Illini Conclude Regular Season At Wisconsin

Some Fighting Illini fans have given up on the season, but Bruce Weber and his players say there is still plenty of reason to keep battling. They will be playing a first round game in the Big 10 tournament whether they win at Wisconsin Sunday or not. But the Illini still hold out hope for an NCAA tournament berth, or at least the NIT. Every win at this point is important.

Illinois concludes its regular season at Wisconsin Sunday. It is not an enviable assignment; the Badgers won in Champaign and are normally tough to beat in the Kohl Center. And it is unknown whether the Illini can muster the combination of intensity, focus and relaxed muscles needed to play their best against a tough opponent.

Illini coach Bruce Weber recognizes the challenge ahead.

"We've got to help keep the kids' spirit up. Wisconsin is obviously not a very good venue to play at, although they have lost some home games this year. We've got to get the spirit and emotion back."

One wonders whether any coach can rekindle confidence after a 10-12 losing slide. Basketball players are human beings with feelings, and losing so many games damages fragile egos. Add in pressures brought by Illini Nation demanding wins or coaching changes, and the players tighten up like they did Thursday against Michigan.

"We didn't have the emotion you would hope for. I know the kids care, so maybe it's the stress of the situation. They want to be successful, but when your spirit has been shaken so many times with so many close games, it's a difficult situation. Maybe it's taken a toll on them this last month, I don't know."

Meanwhile, the Badgers are standing at 22-8 on the season and 11-6 in the Big 10, guaranteeing another top four finish. In their last two games, they upset Ohio State in Columbus before returning home to upend Minnesota. There is no reason to assume they will play flat against the Illini.

Besides having a coach and system that maximizes success by minimizing mistakes, Wisconsin has enjoyed assistance from multiple players. Senior point guard Jordan Taylor is their star despite having less individual success this year than last. He has an excellent assist-turnover ratio and hits clutch shots.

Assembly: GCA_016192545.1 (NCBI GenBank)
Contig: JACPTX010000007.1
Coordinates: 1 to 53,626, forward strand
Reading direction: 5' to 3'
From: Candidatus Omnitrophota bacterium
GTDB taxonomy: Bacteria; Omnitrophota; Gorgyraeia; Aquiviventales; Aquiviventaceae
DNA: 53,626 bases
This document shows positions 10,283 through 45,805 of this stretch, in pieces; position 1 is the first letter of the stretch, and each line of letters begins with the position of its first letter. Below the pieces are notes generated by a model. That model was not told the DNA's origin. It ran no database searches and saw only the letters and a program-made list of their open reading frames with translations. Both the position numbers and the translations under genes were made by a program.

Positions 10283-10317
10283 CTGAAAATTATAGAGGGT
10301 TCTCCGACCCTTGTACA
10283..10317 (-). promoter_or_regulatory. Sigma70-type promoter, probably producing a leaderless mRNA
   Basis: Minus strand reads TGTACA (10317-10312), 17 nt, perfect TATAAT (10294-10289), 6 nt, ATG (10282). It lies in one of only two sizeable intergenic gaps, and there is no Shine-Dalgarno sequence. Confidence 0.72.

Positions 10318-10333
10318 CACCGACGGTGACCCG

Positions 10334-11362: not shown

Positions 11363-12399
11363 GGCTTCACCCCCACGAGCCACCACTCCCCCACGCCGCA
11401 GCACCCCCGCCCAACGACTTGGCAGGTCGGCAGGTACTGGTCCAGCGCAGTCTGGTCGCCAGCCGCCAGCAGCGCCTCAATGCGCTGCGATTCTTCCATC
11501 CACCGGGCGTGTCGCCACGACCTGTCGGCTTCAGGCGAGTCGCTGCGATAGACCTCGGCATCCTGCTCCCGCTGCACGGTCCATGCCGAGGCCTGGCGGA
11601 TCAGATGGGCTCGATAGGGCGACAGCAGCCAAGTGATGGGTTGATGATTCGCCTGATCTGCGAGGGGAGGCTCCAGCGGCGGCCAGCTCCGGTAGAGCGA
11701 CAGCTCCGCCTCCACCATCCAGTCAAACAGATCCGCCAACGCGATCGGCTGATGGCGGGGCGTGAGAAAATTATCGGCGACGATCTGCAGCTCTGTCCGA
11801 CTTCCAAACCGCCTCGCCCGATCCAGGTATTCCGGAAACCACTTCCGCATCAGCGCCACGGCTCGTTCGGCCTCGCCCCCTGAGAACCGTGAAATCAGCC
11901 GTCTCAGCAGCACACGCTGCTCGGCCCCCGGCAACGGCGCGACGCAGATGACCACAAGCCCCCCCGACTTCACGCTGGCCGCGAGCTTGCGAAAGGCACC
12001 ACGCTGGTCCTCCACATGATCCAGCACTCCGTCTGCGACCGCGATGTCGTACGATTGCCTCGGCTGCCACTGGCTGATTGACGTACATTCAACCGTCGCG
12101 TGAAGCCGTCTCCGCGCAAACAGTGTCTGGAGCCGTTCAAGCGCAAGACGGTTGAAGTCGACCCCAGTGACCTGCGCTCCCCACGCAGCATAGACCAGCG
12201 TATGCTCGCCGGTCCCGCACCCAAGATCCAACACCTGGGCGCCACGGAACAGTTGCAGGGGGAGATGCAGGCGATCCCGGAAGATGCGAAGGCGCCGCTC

But he also has a strong supporting cast. Senior Ryan Evans has blossomed both as a scoring threat and rebounder. Tall forward Jared Berggren, who burned the Illini in their first encounter with three point shots, has had good games when needed most. He scored only 5 points against the Gophers but 18 against Ohio State.

Josh Gasser and Mike Bruesewitz are consummate team players who play sound defense and grab important rebounds. They would score high on the Illini's MATTO play-hard chart and are the glue holding the team together. And Ben Brust comes off the bench with an accurate three point shot.

One difference between the Illini and UW is the timing of made shots. While the Illini are capable scorers part of the time, they seem to miss in pressurized situations. Weber says Wisconsin is the opposite.

"Their shooting numbers are not that great, but they seem to make big shots, they seem to make timely shots. They spread you out, they put your big guys in a bind. When (Berggren) makes those threes, it makes it really difficult."

The consistency of the Wisconsin program is enviable. They have kept the same starting lineup the entire season. Weber says that is a big advantage.

"When you have consistency of effort and production, that's when you win. That's when it makes it easy to coach. They've had their tough times during the year, but they are consistent enough to make enough plays to win some close games. Keep themselves in the top half of the league."

Weber grew up in Milwaukee, so he has a number of friends planning to support him in Madison.

"I know a handful of my close friends will be there. They're always there, they were there (for the Michigan game). We have a great relationship; it's a great group. A lot of them go back to the third or fourth grade. That's the best part of sports. You create friendships that really last a lifetime. That's what I have with these guys."

Whether the friends can help him pull off the upset remains to be seen. The odds are strongly against him, as are hopes of making a Big 10 tourney run and securing a place in the NCAA tournament. Keeping his job is also a consideration. But Weber will never give up.

"The only thing we can do is play with great emotion, play as a team, enjoy each other and keep a smile on the face. Maybe some good things will go our way and we'll make some tough shots. We have to find a way to get a couple victories here.

"We still think we can make something happen. That's what we believe in, and we're going to keep battling and fighting until it's over."

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